II. THIS ASPECT OF THE DIVINE CHARACTER IS SET FORTH IN GRAPHIC IMAGERY. (Vers. 3-6.) For sublimity and grandeur this passage stands unrivalled. The Divine vengeance is presented to us here:

1. In its irresistibleness. Like the whirlwind, it sweeps everything before it (ver. 3).

2. In its terribleness. In vivid symbolical language all nature is represented as full of terror at the Divine manifestations (ver. 5).

3. In its destructiveness. Desolation is brought about - the sea and the rivers are dried up at the rebuke of the Lord; the rich pastures of Bashan, the beautiful gardens of Carmel, and the fragrant flowers and fruitful vines and stately trees of Lebanon languish (ver. 4); as a devouring fire this vengeance consumes in every direction (vers 5, 6); yea, so mighty is it that the very rocks crumble to pieces when it is put forth (ver. 6).

III. THIS VIEW OF OUR GOD IS PRESSED HOME UPON OUR HEARTS BY EARNEST INQUIRY. "Who can stand before his indignation? and who can abide in the fierceness of his anger?" (ver. 6). The design of the questions is to quicken conscience. They contain and suggest the answers. Humbled in the very dust of self-abasement, we cry, "Enter not into judgment with thy servants, O Lord; for in thy sight shall no man living be justified" (Psalm 143:2). - S.D.H.

The Lord is slow to anger, and great in power, and will not at all acquit the wicked. These words suggest two thoughts concerning God's patience.

I. HIS PATIENCE ALWAYS IMPLIES GREAT POWER. "The Lord is slow to anger, and great in power." This is a remarkable expression. It seems as if the prophet meant, God is "slow to anger" because he is "great in power;" if he had leas power he would be less patient. A man may be "slow to anger," slow to deal out vengeance, because he lacks power to do so. But God is "slow to anger" because he has abundance of power. In order to see the power revealed in his forbearance towards sinners in this world, think of four things. I. His exquisite sensibility. There are some men "slow to anger" because they have not the susceptibility of feeling an insult or offence; their patience, such as it is, is nothing but a natural stoicism. Many men are lauded for their calmness under insults, who are rather to be pitied for their natural insensibility, or denounced for their moral callousness. But the great God is ineffably sensitive. He is sensibility itself. He is love. He feels everything. Every immoral act vibrates, so to speak, on his heart chord; and yet he is "slow to anger."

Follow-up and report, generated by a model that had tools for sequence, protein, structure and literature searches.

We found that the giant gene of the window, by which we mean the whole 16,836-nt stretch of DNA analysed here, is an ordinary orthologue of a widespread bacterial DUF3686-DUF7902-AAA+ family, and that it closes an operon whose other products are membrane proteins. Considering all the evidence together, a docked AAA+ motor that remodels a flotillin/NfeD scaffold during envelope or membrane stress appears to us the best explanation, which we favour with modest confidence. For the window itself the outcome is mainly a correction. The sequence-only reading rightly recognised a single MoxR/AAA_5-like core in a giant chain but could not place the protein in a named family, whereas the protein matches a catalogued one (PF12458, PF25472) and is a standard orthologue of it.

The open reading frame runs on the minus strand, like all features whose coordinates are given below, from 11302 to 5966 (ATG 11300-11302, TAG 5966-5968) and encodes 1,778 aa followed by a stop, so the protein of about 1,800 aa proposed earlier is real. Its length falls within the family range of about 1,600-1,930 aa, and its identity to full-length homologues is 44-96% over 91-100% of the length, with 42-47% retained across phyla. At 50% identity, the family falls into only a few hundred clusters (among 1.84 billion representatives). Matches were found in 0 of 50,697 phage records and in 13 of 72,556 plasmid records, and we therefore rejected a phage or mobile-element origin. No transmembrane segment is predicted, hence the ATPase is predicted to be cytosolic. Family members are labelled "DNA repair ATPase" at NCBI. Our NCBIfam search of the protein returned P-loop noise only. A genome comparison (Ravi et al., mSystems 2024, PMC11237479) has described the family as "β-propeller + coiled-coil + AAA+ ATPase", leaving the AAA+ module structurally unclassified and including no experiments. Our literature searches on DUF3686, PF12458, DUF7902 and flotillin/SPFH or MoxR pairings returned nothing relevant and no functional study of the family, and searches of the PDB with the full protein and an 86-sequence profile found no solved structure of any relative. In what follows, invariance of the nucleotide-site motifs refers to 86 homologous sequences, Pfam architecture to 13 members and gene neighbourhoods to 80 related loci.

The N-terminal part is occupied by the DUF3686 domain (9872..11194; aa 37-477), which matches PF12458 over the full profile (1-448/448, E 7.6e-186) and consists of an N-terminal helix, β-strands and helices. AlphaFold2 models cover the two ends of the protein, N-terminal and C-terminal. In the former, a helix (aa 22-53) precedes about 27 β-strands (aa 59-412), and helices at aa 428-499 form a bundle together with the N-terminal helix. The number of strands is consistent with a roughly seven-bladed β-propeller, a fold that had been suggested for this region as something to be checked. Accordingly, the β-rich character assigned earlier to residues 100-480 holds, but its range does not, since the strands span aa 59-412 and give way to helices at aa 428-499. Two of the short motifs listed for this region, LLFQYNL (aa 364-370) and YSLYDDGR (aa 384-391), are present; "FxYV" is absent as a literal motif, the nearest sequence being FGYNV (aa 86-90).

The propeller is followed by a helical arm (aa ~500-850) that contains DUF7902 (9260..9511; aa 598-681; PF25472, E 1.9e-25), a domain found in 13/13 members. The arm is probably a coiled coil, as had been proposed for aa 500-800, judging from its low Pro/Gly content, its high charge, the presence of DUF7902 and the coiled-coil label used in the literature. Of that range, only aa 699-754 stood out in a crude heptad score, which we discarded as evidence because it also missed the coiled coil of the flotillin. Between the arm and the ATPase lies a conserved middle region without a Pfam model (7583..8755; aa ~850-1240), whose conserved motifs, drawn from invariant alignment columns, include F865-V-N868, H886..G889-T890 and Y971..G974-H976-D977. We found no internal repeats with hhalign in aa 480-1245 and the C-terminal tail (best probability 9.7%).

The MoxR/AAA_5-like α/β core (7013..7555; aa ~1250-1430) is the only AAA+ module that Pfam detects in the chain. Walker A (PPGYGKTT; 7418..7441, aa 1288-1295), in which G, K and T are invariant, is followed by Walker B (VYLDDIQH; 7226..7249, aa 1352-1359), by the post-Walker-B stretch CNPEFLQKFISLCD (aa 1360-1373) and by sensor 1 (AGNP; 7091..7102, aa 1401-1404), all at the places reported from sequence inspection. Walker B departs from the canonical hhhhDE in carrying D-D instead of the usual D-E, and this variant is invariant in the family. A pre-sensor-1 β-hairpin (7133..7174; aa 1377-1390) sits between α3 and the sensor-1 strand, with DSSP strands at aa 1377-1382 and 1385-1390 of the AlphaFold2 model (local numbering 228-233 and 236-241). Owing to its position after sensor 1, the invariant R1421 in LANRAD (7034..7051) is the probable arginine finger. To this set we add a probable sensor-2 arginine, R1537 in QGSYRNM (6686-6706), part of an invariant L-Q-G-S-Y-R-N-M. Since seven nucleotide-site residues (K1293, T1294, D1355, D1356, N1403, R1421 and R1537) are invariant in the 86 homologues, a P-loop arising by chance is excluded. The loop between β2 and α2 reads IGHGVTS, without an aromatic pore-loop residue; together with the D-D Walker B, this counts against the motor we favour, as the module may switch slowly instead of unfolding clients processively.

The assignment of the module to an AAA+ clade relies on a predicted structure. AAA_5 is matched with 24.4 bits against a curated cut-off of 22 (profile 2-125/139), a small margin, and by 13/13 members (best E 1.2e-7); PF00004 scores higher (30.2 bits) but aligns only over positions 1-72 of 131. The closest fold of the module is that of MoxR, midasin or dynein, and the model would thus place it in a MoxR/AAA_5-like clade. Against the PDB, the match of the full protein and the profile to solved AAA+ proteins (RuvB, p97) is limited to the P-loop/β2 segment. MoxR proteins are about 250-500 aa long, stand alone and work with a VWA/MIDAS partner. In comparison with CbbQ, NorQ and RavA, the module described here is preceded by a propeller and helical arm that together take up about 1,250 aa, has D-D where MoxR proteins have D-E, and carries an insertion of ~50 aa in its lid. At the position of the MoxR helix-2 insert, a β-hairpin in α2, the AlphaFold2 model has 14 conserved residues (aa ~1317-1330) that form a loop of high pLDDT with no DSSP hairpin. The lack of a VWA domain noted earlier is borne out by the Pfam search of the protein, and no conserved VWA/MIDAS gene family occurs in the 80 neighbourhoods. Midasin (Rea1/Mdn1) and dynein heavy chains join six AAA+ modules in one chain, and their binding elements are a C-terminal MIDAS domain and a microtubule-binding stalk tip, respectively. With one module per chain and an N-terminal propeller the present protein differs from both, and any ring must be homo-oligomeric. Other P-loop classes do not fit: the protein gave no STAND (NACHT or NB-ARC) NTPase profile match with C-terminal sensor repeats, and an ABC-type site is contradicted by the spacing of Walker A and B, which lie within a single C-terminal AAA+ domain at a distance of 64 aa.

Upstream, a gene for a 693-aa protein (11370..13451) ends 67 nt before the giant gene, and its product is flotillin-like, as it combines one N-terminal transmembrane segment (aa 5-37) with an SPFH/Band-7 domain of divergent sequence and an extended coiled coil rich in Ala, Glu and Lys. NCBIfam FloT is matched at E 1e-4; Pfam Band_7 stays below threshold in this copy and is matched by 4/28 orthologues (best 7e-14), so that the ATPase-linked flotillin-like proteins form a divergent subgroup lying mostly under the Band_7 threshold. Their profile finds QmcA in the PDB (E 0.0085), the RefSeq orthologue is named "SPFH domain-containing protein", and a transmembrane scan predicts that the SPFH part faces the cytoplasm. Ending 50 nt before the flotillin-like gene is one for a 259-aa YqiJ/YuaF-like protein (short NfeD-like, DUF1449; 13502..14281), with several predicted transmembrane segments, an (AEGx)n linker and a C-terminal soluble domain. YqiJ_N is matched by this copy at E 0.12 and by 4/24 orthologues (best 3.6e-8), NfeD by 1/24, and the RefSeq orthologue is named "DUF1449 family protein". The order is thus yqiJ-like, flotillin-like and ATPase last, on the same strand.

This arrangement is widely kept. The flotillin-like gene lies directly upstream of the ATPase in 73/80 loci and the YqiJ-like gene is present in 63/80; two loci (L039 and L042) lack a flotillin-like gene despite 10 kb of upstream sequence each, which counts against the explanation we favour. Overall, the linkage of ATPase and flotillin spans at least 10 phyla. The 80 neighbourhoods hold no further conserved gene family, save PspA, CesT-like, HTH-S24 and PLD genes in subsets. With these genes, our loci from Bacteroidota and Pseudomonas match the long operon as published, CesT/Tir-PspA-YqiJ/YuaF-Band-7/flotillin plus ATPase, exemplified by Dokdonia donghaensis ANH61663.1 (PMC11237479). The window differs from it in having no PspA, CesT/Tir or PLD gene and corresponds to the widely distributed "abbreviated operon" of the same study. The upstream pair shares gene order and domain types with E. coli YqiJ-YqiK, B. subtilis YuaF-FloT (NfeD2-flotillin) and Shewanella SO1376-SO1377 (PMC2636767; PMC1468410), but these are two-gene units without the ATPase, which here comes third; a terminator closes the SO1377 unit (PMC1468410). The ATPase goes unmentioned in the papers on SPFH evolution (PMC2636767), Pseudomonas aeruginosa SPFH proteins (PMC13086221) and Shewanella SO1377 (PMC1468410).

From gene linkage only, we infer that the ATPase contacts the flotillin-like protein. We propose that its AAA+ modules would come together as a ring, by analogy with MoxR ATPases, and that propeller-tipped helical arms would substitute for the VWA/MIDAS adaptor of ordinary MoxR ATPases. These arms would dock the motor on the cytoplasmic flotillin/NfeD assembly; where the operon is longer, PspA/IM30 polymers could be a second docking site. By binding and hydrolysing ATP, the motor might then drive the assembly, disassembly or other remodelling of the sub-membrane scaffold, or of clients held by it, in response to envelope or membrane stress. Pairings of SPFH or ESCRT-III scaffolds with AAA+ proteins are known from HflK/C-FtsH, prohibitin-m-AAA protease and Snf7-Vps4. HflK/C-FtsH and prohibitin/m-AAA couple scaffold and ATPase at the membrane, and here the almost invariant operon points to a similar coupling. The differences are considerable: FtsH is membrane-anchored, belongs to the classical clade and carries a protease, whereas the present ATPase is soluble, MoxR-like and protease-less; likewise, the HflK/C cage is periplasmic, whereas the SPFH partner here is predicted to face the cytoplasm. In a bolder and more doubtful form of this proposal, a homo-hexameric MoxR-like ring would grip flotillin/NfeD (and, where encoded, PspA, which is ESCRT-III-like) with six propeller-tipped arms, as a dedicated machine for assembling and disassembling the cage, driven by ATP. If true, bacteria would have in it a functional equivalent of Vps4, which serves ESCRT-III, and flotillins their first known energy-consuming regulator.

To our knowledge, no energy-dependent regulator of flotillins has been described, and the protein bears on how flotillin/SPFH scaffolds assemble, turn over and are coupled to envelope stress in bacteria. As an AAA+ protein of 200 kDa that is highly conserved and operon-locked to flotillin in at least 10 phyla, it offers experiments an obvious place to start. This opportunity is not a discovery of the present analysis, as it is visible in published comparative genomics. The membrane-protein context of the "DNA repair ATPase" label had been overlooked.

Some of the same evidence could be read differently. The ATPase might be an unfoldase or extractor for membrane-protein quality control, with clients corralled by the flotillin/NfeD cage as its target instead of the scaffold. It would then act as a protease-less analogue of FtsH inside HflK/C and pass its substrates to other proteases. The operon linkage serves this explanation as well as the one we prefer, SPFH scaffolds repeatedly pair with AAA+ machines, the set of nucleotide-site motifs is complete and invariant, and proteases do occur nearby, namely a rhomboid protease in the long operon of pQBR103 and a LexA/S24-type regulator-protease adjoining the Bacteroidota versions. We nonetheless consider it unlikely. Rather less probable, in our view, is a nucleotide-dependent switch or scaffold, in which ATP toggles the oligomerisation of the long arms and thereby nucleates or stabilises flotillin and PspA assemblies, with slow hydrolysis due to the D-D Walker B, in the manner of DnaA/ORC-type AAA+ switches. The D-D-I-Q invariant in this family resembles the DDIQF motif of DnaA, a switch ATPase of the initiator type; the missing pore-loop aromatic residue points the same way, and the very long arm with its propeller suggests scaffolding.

2. His abhorrence of sin. It is the "abominable thing" which he emphatically hates. His whole nature revolts from it. He feels that it is antagonism to his will and to the order and well being of the universe.

3. His provocation by the world. Multiply the sins of each man in one day by the countless millions of men that populate the globe; then you will have some conception of the provocation that this God of exquisite sensibility, of an ineffable hatred to sin, receives every day from this planet. One insult often sets man's blood ablaze. Surely, if all the patience of all the angels in heaven were to be embodied in one personality, and that personality were entrusted with the government of this world for one day, before the clock struck the hour of midnight he would set the globe in flames.

4. His right to do whatever he pleases He could show his anger if he pleased, at any time, anywhere, or anyhow. He is absolutely irresponsible. He has no one to fear. When men feel anger there are many reasons to prevent them from showing it; but he has no such reason. How great, then, must be his "power" in holding back his anger! His power of self-control is infinite. "He is Slow... to anger, and of great power." "The Lord is not slack concerning his promise, as some men count slackness; but is long suffering to usward, not willing that any should perish, but that all should come to repentance" (2 Peter 3:9).

II. HIS PATIENCE PRECLUDES NOT THE PUNISHMENT OF THE IMPENITENT. "And will not at all acquit the wicked." That is, the impenitent wicked. However wicked a man is, if he repents he will be acquitted. "Let the wicked forsake his ways, and the unrighteous man his thoughts," etc. (Isaiah 55:7).